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Underlayment: Step-up products present trade-up opportunities

March 14/21, 2016; Volume 30, Number 19

By Reginald Tucker

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Underlayment, from a strictly functional perspective, plays a critical role in the professional installation of the wide array of hard surface products available today. At the same time, this essential flooring accessory also has the potential to represent a lucrative profit center for specialty retailers and installers, providing it is positioned appropriately and presented to the consumer the right way.

Take laminate, for example. An ideal way to upgrade underlayment when selling these floors, experts say, is to sell the job by color and style first and then have the retail sales associate simply ask if the customer would like to upgrade the underlayment from base grade. At this point in the sales process, according to Ray Rodriguez, president and CEO of Starline Associates, showing the consumer samples to an upgraded underlayment product that more effectively reduces noise helps tremendously.

Another surefire way retailers and distributors can leverage underlayment as a profit center is through the use of displays and creative merchandising with “liked” products as well as product training, said Julia Vozza, marketing manager, pro distribution channel for Loxcreen Flooring Group. As she explained: “Seasoned installers walking into a distributor warehouse or showroom typically know what they are going to purchase for their job before they even walk in. However, this still provides an opportunity to better inform installers and perhaps introduce them to something they didn’t think they needed.”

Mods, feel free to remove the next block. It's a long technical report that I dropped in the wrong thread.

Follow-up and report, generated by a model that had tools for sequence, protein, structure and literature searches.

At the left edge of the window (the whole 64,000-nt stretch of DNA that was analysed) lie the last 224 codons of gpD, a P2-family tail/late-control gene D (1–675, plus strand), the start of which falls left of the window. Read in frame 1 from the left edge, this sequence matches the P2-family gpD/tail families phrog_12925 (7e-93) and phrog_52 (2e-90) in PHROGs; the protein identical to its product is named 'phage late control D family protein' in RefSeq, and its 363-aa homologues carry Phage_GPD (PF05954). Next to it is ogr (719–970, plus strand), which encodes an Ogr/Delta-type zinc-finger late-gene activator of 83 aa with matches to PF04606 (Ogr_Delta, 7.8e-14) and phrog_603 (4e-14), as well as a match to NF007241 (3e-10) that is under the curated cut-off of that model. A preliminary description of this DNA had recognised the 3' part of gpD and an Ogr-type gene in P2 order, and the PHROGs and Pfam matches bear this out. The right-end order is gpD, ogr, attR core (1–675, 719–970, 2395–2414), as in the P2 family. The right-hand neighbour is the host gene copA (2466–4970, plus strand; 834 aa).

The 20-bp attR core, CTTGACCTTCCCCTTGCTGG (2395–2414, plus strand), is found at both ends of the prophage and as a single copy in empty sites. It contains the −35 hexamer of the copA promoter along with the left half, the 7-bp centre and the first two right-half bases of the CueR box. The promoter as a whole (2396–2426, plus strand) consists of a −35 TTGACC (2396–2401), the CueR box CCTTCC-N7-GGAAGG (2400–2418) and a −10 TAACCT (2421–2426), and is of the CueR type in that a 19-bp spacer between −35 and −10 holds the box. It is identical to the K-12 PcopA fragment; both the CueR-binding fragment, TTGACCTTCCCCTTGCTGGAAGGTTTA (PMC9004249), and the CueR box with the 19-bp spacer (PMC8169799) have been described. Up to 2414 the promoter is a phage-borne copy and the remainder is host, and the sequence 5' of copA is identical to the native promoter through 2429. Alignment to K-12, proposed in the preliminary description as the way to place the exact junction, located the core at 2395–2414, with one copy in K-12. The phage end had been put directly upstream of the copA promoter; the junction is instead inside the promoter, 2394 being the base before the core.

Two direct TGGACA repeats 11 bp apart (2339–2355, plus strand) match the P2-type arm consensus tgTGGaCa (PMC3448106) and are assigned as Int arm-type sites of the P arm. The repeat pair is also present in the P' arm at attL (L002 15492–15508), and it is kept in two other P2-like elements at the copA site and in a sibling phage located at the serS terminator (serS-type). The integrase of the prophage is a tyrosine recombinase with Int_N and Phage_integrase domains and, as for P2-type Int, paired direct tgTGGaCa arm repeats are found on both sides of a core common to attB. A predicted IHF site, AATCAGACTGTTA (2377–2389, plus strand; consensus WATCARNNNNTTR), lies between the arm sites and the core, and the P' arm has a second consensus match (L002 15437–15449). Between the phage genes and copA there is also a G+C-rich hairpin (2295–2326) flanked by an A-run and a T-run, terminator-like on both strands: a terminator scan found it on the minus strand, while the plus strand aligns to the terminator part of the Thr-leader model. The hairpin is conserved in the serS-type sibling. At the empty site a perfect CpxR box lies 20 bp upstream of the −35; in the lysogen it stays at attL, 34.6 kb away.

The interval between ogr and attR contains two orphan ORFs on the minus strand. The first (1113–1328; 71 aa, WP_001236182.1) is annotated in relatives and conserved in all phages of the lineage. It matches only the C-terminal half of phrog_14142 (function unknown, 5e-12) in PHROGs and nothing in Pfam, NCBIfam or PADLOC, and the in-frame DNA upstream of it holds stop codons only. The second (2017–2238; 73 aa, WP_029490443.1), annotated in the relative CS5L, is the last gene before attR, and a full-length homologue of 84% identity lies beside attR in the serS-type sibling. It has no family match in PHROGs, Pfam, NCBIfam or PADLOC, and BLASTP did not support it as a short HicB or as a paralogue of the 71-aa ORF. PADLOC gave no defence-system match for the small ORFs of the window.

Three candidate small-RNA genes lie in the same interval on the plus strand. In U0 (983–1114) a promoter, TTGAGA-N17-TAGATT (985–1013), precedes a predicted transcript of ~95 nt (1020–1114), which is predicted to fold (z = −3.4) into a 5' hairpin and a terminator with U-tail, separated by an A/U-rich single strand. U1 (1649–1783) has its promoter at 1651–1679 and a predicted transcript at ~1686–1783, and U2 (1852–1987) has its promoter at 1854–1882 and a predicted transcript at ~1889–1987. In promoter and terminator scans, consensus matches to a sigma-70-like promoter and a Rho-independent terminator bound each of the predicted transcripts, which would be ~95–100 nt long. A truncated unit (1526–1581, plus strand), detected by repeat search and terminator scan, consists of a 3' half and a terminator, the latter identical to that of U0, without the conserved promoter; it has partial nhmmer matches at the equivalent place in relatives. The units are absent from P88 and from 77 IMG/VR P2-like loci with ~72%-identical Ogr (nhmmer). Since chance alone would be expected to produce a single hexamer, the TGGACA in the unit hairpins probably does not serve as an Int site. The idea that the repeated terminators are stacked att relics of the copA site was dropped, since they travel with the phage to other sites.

Vozza believes distributors can become more profitable selling underlayment if they employ strategic placement of the product alongside related items such as tile, mortars, grout, tools, etc. Furthermore, if the distributor sells more than one type of underlayment with different features at various price points, she added, then they must have the knowledge and necessary marketing tools to communicate the distinction between the offerings. This goes a long way in simplifying the decision-making process.

Screen Shot 2016-03-21 at 10.37.52 AMIt’s a strategy already employed by many successful Loxcreen distributors, including Durox Flooring Accessories, part of the Prosol Group. Michael VanVugt, Ontario sales manager, believes the approach works particularly well at the retailer level, especially when a manufacturer program is supported by what he calls “push-through” marketing. Another plus: Step-up underlayment products go hand-in-hand with the advanced products hitting the market today, making upgrades an easy sell. “With tile in particular, as the formats get larger you can’t lay [the flooring] using the traditional methods,” VanVugt stated. “So a better underlayment product actually becomes a necessity when you’re working with these larger tiles.”

Some industry figures believe the retailer should consider underlayment an essential component of the installation and not simply an add-on. “Unless the floating laminate or engineered wood flooring that the consumer is purchasing has a pre-attached pad, underlayment is pretty much mandatory,” said Jack Boesch, president of MP Global Products, citing recommendations outlined by flooring manufacturers as well as industry organizations such as the North American Laminate Flooring Association and the National Wood Flooring Association. “What this means is selling an underlayment with certain floors should be automatic.”

That’s not to say an opportunity to upgrade should be overlooked. “It’s up to the retail salesperson to upsell the customer from a basic foam to an underlayment that will truly enhance the performance of the floor vs. something that just covers the basic requirements,” Boesch added. “It’s the same fast-food mentality of asking, ‘Would you like to supersize your meal?’ It never hurts to ask. In many cases, the margins are better in the step-up underlayment than they are in flooring, and a hungry commissioned salesperson benefits with a bigger paycheck.”